The cuts are largely concentrated on the advisory side of the U.S. operation, affecting more than 10% of partners in consulting and about 4% in strategy and transactions, but they touch the audit and tax arms as well, people familiar with the matter said. That would equate to more than 100 partners in consulting and over 30 partners in strategy and transactions at both junior and senior levels.

Look, obviously, I don’t know for a fact that EY leadership didn’t plan for the possibility that their spinoff would fail in spectacular fashion for all the world to see. But if you followed that story, you definitely got the impression that failure was never an option. They believed, at least publicly, that their vision would ultimately prevail. They convinced a lot of people to believe, too.

Most people will tell you that the end of a year or the beginning of a new one is a good time to reflect, think, look ahead, etc. One thing that I’m sure of is that in the year ahead, more accounting firms will merge with or acquire other firms, and precisely NONE of the leaders involved in those deals will think that their deal will be the one that falls apart. Or, at the very least, they won’t let others think that they think that their deal will be the one that falls apart. 

But a few of them will, and everyone will be—act?—surprised. And I get it, no one wants to plan for failure; it just seems better to be prepared for it than to be caught off guard. Because if you’re not prepared for it, then there are likely to be unintended consequences, and those consequences will not be pretty.     

Evolving accounting firms

The other thing that’s becoming increasingly apparent, as the Journal article points out, is that as consulting becomes a bigger share of firms’ revenue, more of these services become “nice to have” instead of “have to have”: 

Consulting demand tends to weaken or surge depending on the economy, whereas audit is a generally steady business line because of the reporting requirements for public companies. As consulting contributes to a growing share of these firms’ revenues compared with audit, the overall professional-services industry has grown more cyclical.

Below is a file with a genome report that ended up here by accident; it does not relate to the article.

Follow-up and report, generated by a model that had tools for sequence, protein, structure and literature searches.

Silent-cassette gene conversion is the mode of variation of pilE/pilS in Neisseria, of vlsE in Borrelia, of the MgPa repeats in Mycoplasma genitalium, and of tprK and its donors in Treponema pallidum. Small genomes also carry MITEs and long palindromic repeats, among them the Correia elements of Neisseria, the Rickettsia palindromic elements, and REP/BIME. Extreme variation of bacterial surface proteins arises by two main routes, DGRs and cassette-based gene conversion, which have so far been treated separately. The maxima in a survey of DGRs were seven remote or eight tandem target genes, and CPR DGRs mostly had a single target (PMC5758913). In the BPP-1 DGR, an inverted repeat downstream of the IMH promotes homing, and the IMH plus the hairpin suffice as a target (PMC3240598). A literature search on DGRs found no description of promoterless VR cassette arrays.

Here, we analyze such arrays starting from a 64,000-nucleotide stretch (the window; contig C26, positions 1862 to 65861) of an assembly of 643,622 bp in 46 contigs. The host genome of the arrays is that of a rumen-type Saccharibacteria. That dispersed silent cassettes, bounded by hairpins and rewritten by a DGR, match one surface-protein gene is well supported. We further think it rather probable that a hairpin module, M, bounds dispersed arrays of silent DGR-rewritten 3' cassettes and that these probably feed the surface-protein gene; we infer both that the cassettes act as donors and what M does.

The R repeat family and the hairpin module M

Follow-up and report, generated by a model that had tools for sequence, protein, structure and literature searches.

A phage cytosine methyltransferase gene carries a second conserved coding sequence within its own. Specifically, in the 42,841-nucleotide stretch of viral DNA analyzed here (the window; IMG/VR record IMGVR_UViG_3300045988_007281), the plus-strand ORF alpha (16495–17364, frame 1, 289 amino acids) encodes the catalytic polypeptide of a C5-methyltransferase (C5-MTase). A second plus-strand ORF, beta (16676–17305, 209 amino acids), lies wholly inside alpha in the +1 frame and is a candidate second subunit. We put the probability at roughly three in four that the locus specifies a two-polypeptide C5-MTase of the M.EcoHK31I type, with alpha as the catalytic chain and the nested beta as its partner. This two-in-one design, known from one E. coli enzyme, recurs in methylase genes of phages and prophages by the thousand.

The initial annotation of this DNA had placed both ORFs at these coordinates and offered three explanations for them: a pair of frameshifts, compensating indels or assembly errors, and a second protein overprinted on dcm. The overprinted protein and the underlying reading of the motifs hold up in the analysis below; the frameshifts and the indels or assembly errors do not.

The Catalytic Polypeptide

Historically, accounting firms have been recession-proof. Clients need audit and tax services in good times, bad times, and horrifying times—including the pandemic. A non-cyclical business is great when times are tough, but it’s probably a little frustrating in heady times when everyone seems to be having a lot more fun than you. It takes a certain type of person to run a tried and true successful business quietly and not get caught up in the hype.

Still, technology has played a role here. Legacy services like audit and tax are increasingly vulnerable to automation, which is part of the reason that organizations like the AICPA have been harping on accounting firms for years to build out their consulting work (or “advisory,” if you must). Before the pandemic, many firms invested heavily in developing those services and have enjoyed plenty of success.

Then, like many things, the pandemic accelerated the offering of non-audit, non-tax work, which resulted in accounting firms making a lot more money from consulting. But when all the pandemic-related work dried up, a lot of people were asking, “Well, now what will accounting firms do?” (Full disclosure: I was one of those people.)

What the EY situation shows is that firms that went all in—or, let’s say, 50% in—on consulting work will have to reckon with the ebbs and flows of economic conditions more than they used to. I could be wrong, but the evolved accounting firm, one that’s increasingly tied to consulting work, may end up being less recession-proof. And that may be something that some accounting firms haven’t completely thought through.

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Caleb Newquist Caleb is Editor-at-Large at Gusto. In 2009, he became the founding editor of Going Concern, the one-of-a-kind voice on the accounting profession, serving in the role for 9 years. Prior to Going Concern, Caleb worked as a CPA for nearly 6 years in New York and Denver. He lives in Denver with his wife, two daughters, and two cats.